Khumbu Glacier between Mount Everest and Mount Nuptse.
Kurt Cuffey
Khumbu Glacier descends between Mount Everest (left) and Mount Nuptse (right).

Last year for International Mountain Day, we visited the shores of Mauna Kea in Hawaii and learned that it’s the tallest mountain in the world when measured from the base underwater up to the top. This year, we are travelling to colder climates to the highest mountain in the world when measured from sea level: Mount Everest. Department of Earth and Space Sciences Howard Conway officially had one of the most scenic offices in the world when he conducted field work on the Khumbu Glacier, one of the four major glaciers that flank Mount Everest. 

Mount Everest is known locally in Tibet as “Goddess Mother of the World” or “Goddess of the Valley” which comes from its Tibetan name Chomolungma, and its Nepalese name is Sagarmatha, which translates to “Peak of Heaven”. As part of the Himalaya mountain range, Mount Everest borders China and Nepal and towers above all other peaks when measured from sea level at 29,029 feet (to put that into perspective – that is a little more than double Mount Rainier’s height). The Himalayas were formed around 60 million years ago when the Indian tectonic plate moved north and subducted under the Eurasian tectonic plate, pushing the land above it skyward. 

Khumbu Glacier is a 39,370-foot-long glacier located on the western flank of the mountain in the Khumbu region. The glacier originates from the sheer rock-surrounded “accumulation zone” 23,293 feet above sea level, where snow and ice gather before avalanching onto the rest of the glacier. Snow and ice travel through a steep icefall and start to melt at the “ablation zone” before reaching the end of the glacier 16,076 feet above sea level. Most of the ablation zone is covered with debris that has been eroded and transported by the glacier flow. In fact, over the past 55 years, the ablation zone has thinned by about 131 feet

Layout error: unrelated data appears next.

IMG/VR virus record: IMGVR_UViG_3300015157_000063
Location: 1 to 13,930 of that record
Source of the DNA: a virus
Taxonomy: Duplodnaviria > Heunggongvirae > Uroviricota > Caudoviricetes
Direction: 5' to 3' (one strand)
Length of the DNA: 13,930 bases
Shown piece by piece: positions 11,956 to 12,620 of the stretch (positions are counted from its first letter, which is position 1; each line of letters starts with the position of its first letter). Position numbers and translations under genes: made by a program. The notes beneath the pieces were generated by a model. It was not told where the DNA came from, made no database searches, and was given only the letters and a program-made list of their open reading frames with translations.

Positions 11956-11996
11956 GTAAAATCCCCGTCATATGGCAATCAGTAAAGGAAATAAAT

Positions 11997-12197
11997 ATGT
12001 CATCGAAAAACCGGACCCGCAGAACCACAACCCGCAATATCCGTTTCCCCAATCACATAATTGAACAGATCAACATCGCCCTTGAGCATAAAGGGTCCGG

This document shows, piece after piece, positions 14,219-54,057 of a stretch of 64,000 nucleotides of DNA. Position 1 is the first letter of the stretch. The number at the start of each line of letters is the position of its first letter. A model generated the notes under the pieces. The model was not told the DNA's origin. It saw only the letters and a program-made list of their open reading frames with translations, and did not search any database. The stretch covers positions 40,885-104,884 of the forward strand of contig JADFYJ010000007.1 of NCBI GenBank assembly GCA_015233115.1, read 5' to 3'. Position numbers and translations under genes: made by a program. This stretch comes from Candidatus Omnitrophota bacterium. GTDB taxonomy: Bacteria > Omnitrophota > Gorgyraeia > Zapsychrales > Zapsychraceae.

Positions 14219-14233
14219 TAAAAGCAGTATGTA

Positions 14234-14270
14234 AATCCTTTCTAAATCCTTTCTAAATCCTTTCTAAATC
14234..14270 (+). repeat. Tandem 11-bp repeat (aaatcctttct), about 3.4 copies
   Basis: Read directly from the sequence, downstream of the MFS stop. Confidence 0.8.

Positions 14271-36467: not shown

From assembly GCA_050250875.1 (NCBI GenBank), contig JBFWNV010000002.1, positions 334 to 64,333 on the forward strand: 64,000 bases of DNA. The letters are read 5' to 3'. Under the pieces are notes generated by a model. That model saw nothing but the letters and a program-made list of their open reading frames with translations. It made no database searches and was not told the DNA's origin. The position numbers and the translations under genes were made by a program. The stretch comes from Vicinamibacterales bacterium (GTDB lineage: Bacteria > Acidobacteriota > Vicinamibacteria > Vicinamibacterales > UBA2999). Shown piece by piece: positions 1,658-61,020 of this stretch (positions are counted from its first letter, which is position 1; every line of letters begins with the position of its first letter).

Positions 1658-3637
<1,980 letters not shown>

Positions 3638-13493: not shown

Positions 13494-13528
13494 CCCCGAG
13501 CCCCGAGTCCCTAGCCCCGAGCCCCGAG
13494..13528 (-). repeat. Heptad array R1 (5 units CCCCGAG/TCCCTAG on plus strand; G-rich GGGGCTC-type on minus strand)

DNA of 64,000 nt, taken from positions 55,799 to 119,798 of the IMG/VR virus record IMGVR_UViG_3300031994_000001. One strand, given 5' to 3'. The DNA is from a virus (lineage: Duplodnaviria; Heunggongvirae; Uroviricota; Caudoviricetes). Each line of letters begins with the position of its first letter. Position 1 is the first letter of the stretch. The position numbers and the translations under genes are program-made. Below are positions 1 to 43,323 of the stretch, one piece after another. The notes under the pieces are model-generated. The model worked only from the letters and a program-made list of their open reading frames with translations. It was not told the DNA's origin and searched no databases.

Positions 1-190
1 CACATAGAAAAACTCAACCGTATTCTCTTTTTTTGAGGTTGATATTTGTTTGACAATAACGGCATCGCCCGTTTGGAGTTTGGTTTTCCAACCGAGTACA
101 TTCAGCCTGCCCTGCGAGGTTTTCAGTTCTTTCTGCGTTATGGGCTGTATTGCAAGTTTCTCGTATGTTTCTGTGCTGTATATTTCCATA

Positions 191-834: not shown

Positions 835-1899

Conway, along with colleagues, used radio echo-sounding methods to measure ice-thickness and debris-thickness in the ablation zone in order to improve understanding of erosion and the response of Himalayan glaciers to climate change. A glacier-flow model using these data indicates that even without further climate change, stagnant ice at the end of the glacier will separate from the main glacier as it retreats, with potential to form a large and possibly hazardous ice-dammed lake within a few decades. Furthermore, analyses of the debris on and beneath the glacier indicates erosion rates of about 0.028 inches per year over the past 10,000 years, which adds up to about 280 feet total.

As well as being the “Goddess Mother of the World”, the Everest region provides understanding about the effects of climate change on Himalayan glaciers, and the potential impacts on the vast population who depend on its glacier-fed rivers. Impacts include an initial increase in water due to the accelerated melting followed by diminishing supplies as the glaciers shrink, increasing threat from glacial outburst floods from ice-dammed lakes, and displacement of large populations currently living on coastal deltas in Southeast Asia due to sea-level rise. 

By looking for answers within the Khumbu Glacier, Conway and his colleagues are able to make predictions about what the future will look like for the Khumbu and the greater Southeast Asia region. Who knew that within the ice and debris that flanks the mountain lies the written history of our past, as well as a hint as to what may await us in the future?